A woodwind (saxophone, clarinet, flute) artist, producer, arranger and composer, Hamme has performed and recorded with many jazz and big band greats. He is a founding member of the Presbybop Quartet, a jazz quartet that specializes in music for worship, and currently is a member of the Northeastern Pennsylvania Repertory Orchestra, which is in residence at Marywood University. In 2012, the Binghamton Jazz Festival at July Fest presented a Lifetime Achievement Award to Hamme for his “contributions to the performance, education and appreciation of jazz music in the Greater Binghamton area.”
Hamme currently serves on the board of directors of the Goodwill Theatre, where he is the jazz consultant and hosts jam sessions at the Goodwill’s Schorr Family Firehouse Stage.
Hamme was nominated for “his 50 years of contributions to the knowledge and enjoyment of jazz in our community, its schools and colleges, and his encouragement and development of succeeding generations of performers of jazz, America’s unique music form.”
“The teaching of music was my vocation” he told BAMirror, “but performance, organization and the experiences that accompany these tasks were not only my hobby but my passion.”
Heart of the Arts Award
The 2014 Heart of the Arts recipients are almost flip sides of a coin. One has delved into every aspect of a single art form; the other has focused on the singular need of every art form.
Judy Berry’s 35-year association with Tri-Cities Opera began as a coloratura soprano. In recent years, she turned her talents to various production positions at TCO including assistant stage director, marketing and development director and, most recently, acting general director. She was the creator and coordinator of such TCO community outreach programming as FLASH MOBperas and the free Clinton Street Cinema Series as well as fundraising events ranging from New Year’s Eve galas to MUTT-ropolitan Opera Dog Calendars. Her focus on opera extended to her private voice studio and her work as a German diction instructor on the music faculty of Binghamton University.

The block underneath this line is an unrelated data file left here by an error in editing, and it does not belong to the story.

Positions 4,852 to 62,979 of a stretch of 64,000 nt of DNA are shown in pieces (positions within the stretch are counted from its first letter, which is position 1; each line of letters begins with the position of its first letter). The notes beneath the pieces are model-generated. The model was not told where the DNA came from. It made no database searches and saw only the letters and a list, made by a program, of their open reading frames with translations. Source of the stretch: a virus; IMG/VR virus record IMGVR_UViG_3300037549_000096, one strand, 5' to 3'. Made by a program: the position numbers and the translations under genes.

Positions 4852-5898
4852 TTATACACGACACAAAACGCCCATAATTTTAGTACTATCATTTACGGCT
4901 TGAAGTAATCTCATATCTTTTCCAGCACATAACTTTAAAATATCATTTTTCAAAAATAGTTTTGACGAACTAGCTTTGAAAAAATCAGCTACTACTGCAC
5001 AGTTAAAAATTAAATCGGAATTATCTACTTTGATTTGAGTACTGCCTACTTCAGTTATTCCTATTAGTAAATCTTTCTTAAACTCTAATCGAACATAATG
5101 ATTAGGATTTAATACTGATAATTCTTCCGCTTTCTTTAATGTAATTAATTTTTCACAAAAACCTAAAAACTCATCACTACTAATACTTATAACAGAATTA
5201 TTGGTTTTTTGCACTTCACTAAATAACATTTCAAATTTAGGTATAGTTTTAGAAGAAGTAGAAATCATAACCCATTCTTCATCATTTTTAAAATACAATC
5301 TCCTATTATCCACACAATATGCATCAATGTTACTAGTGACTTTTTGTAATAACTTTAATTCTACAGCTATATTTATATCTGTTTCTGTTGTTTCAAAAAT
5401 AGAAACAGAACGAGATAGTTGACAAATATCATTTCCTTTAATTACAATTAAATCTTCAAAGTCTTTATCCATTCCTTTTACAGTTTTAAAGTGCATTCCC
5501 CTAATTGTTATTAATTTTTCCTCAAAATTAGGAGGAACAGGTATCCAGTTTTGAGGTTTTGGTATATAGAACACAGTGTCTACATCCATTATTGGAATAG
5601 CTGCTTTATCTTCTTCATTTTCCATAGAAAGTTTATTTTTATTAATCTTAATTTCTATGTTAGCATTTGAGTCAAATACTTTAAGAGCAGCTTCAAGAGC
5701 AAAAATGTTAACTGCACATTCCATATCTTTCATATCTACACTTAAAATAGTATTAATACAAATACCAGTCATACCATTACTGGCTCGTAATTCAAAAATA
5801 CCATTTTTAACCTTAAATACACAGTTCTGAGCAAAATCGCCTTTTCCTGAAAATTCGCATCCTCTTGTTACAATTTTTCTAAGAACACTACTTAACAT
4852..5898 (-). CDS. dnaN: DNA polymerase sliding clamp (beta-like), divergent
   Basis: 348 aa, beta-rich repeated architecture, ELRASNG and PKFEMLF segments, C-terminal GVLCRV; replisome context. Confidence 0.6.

She was nominated for “tirelessly” working to “render opera accessible both onstage at The Forum and beyond,” for leading TCO “through a demanding and trying time,” for “bringing opera out into the community,” for “investing herself behind the scenes in most every aspect of opera production: staging, vocal and diction coaching, make-up, lighting, rehearsal (and) scheduling” and for being the “grit and brains behind the glamour.”
Berry and her husband Reed Smith (former general director of TCO) have just relocated to Alaska where she is the new director of patron relations and he is the new general director of Anchorage Opera. In fact, she received Sharon Ball’s phone call about the award while driving up the “AlCan Highway.”
“My first thought was how dramatic it was — positively ‘operatic’ — to be honored in such an incredible way while journeying 4,300 miles to begin a new life. What an amazing ‘parting gift’ it is to know that members of the arts community in Broome County, my colleagues and peers, nominated and then chose me to be the recipient of this great award,” Berry said earlier this week. “Reed and I moved to Alaska, but I left my heart in Binghamton with TCO, and now I have a ‘HEART’ of the Arts Award to show for it.”
Not surprisingly, Berry will not be able to attend the awards ceremony, but she will be sending an acceptance video to be played at the event.
Whereas Berry is being honored for doing a variety of things for TCO and opera, Joshua B. Ludzki is being recognized for doing one thing – promotion – for a large and diverse range of cultural organizations. A web and graphic designer, photographer and media personality, “Joshua B” is the co-creator with Michael Grasso of the lifestyle blog BingSpot (www.bingspot.com), designed “to serve as a guide to arts, culture, nightlife and a vast number of local events in Binghamton.”